mmm... Buttermilk Biscuits

Yep, we had homemade buttermilk biscuits this morning for breakfast.

There is nothing quite like a fresh, piping hot, buttermilk biscuit first thing in the morning. (You hungry yet?)

Living in the south, you have to learn how to make a proper biscuit.

You just have too.

No, not those “biscuits” from Bisquick. (honestly, I did grow up with this type of ah-hem biscuit.) The proper biscuit is made with the rich goodness of real butter and buttermilk. Trust me your heart will love ya for them. Hehehe….

I will say that I did cut corners this morning and used a food processor. (oh, the horror.)

I also noticed once I had taken off the lid of the processor and tossed in the sink to be washed that I needed a bit more liquid, my dough was dry. *sniffle*

I added some in a gently, very gently mixed it in. The less you meddle with the dough the better your biscuit in the end. These were a bit dry but tasted so yummy! I have enough buttermilk to make one more batch, so perhaps I will do that tomorrow and see if the magic touch is gently mixing the items by hand.

So you want to make a Southern biscuit for yourself?

This is the recipe I have been using since last year, I found it on RecipeZaar.com .

The original recipe with more reviews can be found here.

(trust me; they are some of the best!)


Creates 10 biscuits

  • 2 cups unbleached all-purpose flour, plus, more for dusting the board or counter. (if you can find White Lily flour, your biscuits will be better.)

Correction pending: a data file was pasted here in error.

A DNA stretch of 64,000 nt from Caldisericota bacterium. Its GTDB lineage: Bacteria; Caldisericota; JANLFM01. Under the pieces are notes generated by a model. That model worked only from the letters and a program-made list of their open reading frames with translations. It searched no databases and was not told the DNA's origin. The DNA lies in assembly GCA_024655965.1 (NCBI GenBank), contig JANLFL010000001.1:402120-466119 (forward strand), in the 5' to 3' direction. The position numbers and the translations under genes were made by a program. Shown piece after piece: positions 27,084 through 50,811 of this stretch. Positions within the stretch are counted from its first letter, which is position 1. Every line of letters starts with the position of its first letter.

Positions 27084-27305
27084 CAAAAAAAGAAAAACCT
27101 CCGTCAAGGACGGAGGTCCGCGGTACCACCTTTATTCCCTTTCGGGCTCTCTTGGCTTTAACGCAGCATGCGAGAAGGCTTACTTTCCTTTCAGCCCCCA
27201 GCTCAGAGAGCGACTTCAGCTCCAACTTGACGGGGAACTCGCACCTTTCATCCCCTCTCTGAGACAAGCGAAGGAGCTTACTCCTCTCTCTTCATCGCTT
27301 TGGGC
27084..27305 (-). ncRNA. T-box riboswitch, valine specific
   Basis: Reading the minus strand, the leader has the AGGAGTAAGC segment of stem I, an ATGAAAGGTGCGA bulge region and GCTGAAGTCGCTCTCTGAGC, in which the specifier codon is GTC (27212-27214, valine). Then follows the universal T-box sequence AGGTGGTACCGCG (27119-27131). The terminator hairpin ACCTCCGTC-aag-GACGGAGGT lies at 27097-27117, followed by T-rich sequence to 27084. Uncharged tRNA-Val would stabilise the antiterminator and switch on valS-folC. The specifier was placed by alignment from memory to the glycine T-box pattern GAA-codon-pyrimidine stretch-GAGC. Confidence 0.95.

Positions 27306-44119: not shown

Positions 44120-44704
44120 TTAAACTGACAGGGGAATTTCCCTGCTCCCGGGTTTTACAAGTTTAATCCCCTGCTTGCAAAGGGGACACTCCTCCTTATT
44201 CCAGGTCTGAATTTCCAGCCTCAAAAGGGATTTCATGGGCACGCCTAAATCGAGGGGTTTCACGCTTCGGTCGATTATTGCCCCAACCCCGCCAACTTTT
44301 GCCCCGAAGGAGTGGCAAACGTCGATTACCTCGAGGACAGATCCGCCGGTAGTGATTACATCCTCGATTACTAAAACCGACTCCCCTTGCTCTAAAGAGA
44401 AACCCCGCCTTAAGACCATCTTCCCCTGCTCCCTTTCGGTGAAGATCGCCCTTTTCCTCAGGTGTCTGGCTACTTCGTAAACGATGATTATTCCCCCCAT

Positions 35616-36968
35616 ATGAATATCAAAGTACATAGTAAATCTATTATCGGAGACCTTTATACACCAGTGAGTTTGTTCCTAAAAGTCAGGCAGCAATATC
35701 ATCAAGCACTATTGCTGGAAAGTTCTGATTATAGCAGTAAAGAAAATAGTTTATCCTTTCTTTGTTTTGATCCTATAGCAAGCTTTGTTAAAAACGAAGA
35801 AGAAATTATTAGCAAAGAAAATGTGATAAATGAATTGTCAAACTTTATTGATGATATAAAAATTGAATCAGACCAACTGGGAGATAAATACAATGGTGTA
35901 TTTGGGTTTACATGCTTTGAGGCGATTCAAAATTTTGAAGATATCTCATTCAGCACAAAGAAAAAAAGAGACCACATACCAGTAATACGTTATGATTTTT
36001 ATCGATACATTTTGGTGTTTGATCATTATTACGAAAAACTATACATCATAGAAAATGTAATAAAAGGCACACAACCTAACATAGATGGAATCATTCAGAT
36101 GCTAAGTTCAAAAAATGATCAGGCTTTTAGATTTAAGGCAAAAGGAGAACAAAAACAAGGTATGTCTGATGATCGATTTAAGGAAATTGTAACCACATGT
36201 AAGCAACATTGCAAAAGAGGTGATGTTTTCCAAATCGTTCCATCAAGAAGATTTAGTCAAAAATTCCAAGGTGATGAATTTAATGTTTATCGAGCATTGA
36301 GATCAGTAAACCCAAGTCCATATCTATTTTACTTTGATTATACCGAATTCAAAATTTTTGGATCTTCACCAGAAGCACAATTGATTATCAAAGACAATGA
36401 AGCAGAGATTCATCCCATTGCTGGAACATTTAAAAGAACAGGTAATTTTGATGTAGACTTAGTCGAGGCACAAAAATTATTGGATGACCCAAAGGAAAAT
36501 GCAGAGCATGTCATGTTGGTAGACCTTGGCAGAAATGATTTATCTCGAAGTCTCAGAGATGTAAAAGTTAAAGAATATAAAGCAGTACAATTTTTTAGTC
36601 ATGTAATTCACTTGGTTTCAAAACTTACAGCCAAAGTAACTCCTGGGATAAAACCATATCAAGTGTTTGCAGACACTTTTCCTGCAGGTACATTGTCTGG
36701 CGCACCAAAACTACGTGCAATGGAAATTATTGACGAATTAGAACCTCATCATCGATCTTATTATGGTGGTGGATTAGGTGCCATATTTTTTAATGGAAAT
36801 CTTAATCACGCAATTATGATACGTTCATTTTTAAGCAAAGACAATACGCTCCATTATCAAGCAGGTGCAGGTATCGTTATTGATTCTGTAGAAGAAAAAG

• ¼ teaspoon baking soda
  • 1 tablespoon baking powder (use one without aluminum)
  • 1 teaspoon Kosher salt or salt
  • 6 tablespoons butter, very cold
  • ¾ cup buttermilk
  1. Preheat oven to 450 degrees.
  2. Combine the dry ingredients in a bowl, or in the bowl of a food processor.
  3. Cut the butter into large hunks and cut into the flour until it resembles coarse meal.
  4. If using a food processor, just pulse a few times until this consistency is achieved.
  5. Add the buttermilk and mix JUST until combined.
  6. If it appears on the dry side, add a bit more buttermilk.
  7. Turn the dough out on to a floured board.
  8. Gently, gently PAT (do not roll with a rolling pin) the dough our until it’s about ½ inch thick.
  9. Use a round cutter to cut into rounds.
  10. You can gently knead the scrape together and make a few more, but they will not be anywhere near as good as the fir ones. (This is so true.)
  11. Place the biscuits on a cookie sheet – if you like soft sides, put them touching each other.
  12. If you like “crusty” sides, put them about 1 inch apart - these will not rise as high as the biscuits put close together.
  13. Bake for about 10-12 minutes – the biscuits will be a beautiful light golden brown on top and bottom.
  15. The key to real biscuits is not in the ingredients but in the handling of the dough.
  16. These can be made ahead and frozen then pop in the oven to make when you need them.

Nate's biscuits:
(I have to admit his always turn out so nice.)

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